Oklahoma Governor Kevin Stitt (pictured) has reportedly announced that he is to take over negotiations between the state and its 35 casino-operating tribes concerning the long-running dispute over gaming compacts.
According to a Tuesday report from the Associated Press news service published by US News and World Report, the 46-year-old revealed that he also intends to employ an out-of-state legal team to help his administration resolve the ongoing quarrel.
Oklahoma is reportedly home to approximately 130 tribal gambling establishments operated under 15-year gaming compacts that are due to expire from the first day of next month. These arrangements purportedly also contain so-called ‘exclusivity fees’ that see aboriginal venues agree to hand over between 4% and 10% of their gaming revenues so as to receive a promise from the state that it will not license commercial casinos.
However, this seeming over-abundance of tribal casinos in Oklahoma has not led to a tax windfall as ‘The Sooner State’ reportedly managed to collect only about $139 million via ‘exclusivity fees’ last year. This situation purportedly led Stitt to suggest in July that he would like to renegotiate these expiring tribal deals complete with a higher range of levies.
The Associated Press reported that this proposition immediately angered many of Oklahoma’s casino-operating tribes, who countered by claiming that their deals do not need to be renegotiated as they will simply roll over following the January 1 deadline. This difference of opinion purportedly led to a standoff that is showing no signs of being resolved despite the erstwhile efforts of previous lead negotiator, Oklahoma Attorney General Mike Hunter.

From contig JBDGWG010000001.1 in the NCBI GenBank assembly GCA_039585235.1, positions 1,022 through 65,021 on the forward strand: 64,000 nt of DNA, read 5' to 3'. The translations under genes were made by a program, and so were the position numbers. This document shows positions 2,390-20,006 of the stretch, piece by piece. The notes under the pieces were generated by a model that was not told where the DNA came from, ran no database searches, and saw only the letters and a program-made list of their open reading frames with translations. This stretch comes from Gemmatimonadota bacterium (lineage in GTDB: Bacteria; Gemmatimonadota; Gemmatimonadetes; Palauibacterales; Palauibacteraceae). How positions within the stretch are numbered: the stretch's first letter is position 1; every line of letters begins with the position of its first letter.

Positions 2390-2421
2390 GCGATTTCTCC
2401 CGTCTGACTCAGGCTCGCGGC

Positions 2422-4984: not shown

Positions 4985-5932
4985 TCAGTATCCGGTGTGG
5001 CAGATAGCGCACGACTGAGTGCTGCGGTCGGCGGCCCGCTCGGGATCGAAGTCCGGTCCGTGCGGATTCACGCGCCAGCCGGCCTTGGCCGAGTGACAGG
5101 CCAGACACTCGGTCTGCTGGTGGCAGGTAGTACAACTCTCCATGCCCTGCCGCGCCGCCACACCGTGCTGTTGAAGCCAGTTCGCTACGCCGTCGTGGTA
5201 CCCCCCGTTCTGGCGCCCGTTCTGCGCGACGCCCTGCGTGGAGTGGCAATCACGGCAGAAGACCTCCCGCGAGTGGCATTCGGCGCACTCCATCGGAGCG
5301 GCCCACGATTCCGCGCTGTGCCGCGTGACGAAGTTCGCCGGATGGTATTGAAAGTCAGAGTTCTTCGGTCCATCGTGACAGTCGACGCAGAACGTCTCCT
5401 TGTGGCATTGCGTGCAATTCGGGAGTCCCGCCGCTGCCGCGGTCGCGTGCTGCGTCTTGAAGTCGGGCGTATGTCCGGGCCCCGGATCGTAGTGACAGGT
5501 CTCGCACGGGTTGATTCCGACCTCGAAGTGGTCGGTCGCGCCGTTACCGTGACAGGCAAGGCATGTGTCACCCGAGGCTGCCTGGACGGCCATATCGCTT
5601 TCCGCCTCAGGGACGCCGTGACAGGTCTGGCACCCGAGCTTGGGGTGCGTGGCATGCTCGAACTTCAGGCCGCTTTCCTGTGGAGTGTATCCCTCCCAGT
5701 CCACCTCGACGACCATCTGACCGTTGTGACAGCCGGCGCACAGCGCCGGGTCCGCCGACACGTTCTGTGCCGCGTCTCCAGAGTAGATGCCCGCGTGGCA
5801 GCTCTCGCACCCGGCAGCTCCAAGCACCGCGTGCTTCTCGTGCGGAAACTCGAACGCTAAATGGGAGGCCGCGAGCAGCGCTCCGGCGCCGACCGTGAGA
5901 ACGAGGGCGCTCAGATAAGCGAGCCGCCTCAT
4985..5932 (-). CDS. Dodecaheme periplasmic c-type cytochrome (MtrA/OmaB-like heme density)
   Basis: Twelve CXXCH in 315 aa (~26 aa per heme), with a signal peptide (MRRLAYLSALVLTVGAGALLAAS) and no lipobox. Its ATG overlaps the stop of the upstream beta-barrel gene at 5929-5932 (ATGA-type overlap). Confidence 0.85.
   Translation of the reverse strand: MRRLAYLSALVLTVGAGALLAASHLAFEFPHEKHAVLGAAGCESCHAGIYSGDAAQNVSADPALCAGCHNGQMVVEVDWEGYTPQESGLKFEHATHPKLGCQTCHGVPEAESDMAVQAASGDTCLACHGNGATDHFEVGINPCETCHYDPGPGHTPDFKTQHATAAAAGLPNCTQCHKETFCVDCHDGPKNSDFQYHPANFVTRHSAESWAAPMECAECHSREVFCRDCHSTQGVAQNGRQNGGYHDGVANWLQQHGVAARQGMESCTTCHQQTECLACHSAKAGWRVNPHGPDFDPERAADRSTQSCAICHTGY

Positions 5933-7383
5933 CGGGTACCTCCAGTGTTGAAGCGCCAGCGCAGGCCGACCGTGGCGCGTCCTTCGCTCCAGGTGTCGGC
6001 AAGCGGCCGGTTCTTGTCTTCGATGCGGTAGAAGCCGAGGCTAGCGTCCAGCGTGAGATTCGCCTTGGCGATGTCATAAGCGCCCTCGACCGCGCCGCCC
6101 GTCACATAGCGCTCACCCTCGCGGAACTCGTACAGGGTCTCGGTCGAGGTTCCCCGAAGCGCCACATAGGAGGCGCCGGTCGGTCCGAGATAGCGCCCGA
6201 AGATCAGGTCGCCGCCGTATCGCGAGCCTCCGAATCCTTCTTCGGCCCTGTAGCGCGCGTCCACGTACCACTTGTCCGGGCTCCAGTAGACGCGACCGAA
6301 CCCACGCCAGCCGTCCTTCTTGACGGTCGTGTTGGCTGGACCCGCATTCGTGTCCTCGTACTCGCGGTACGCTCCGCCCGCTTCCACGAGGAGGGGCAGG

Stitt only assumed office in January and reportedly moreover detailed on Tuesday that he intends to offer the tribes a temporary gaming compact extension so that they can continue to operate while negotiations on the larger disagreement progress.
The Republican Governor reportedly declared…
“The language in this extension will allow each side who signs on to the extension to retain their legal positions. I want business to continue as usual while we resolve this dispute.”
In response, some tribal leaders have reportedly explained that they are willing to enter into negotiations regarding new gaming compacts but are first waiting for Stitt to acknowledge that their existing agreements do, in fact, contain automatic rollover provisions.
Matt Morgan, Chairman for the Oklahoma Indian Gaming Association, reportedly expressed disappointment at Stitt’s actions and told the Associated Press that he has not yet seen any of the proposed extension language.
Morgan reportedly stated…
“Tribal leadership has been clear from the beginning; if he acknowledges auto-renewal, we’ll sit down and negotiate with him. But clearly he does not want to do that.”